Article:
The Iowa Algebra Aptitude Test (IAAT) assesses students’ readiness for Algebra 1. This test, while usually taken by 7th and 8th graders, can also be administered to younger students looking to get ahead in school. Our state-licensed teachers can hep ambitious, talented students prepare to ace the IAAT.
- Initial assessment on the first day, embedded in the class
- Zooming in on the skills that the child missed, based on the diagnostic results
- Continuous teaching, front loading of concepts and strategies covered in the test
- Guided, independent, and timed practice of skills, for accuracy and speed
- Re-assessment of tests, then go back to step 2
- Practice sets for homework and follow up
- Timed Full-Length Practice Tests
- Maximum of 12 students (Adaptive and Individualized Instruction)
- Learn the strategies and test taking techniques in all 4 categories of IAAT
Session 1 – Diagnostic Test. Content Instruction, Format and Test-taking Strategies. Homework.
Session 2 – Review Homework. Content Instruction, Strategy Front loading. Homework.
Session 3 – Homework Review. Content Instruction, Strategy Front loading. Discussion and In-depth Strategy Instruction on Automaticity and Speed. Test-taking Skills. Individual Student Conferences. Homework.
Session 4 – Homework Review. Discussion and In-depth Strategy Instruction on Automaticity and Speed. Test-taking Skills. Individual Student Conferences.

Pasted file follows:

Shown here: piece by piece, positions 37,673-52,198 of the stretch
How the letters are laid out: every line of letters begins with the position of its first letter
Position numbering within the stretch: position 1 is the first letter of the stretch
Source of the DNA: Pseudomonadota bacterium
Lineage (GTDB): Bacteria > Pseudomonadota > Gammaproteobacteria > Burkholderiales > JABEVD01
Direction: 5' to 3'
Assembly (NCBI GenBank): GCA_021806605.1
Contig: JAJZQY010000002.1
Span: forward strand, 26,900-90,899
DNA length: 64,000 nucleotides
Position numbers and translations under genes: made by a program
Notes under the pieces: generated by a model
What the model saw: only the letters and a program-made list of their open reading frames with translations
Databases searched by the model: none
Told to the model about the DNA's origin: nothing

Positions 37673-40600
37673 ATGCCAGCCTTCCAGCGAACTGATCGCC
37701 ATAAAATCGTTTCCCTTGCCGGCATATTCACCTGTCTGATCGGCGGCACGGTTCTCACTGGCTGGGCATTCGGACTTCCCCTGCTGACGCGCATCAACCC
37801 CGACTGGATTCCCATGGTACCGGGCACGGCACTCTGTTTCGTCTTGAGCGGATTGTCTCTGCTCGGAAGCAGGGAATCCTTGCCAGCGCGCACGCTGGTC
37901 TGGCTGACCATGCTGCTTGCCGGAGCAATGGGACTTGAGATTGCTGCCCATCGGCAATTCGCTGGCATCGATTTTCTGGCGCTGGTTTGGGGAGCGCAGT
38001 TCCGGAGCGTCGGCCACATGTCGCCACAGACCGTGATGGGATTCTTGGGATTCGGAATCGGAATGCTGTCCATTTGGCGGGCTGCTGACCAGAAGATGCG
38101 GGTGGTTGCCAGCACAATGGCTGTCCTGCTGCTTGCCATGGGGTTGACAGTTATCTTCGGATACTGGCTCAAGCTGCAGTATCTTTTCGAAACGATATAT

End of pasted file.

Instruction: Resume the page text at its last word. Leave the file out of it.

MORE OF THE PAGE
The IAAT is a timed test. The actual testing time is 40 minutes. Additional time is required for completing the identifying information on the answer sheet, hearing directions, etc. So actual time in the testing room is approximately 70 minutes.
The IAAT is a timed test consisting of 60 items divided evenly into four subtests. The time limit of each subtest is 10 minutes.
The four subtests are:
Pre-Algebraic Number Skills and Concepts – The items on this subtest measure a student’s computational skills, understanding of mathematical concepts, and the ability to solve mathematics problems.
Using Symbols – This section measures how well students understand some of the important symbols of algebra.
Representing Relationships – For each of the exercises in this part of the test, the student must find the rule that represents the given numerical relationship. Some of the items present the relationship in table form while others present the relationship in verbal form.
Interpreting Mathematical Information – The items on this part are based upon information presented in graphs or upon definitions of mathematical terms or operations. The items assess how well a student can learn new material presented in graphs or text.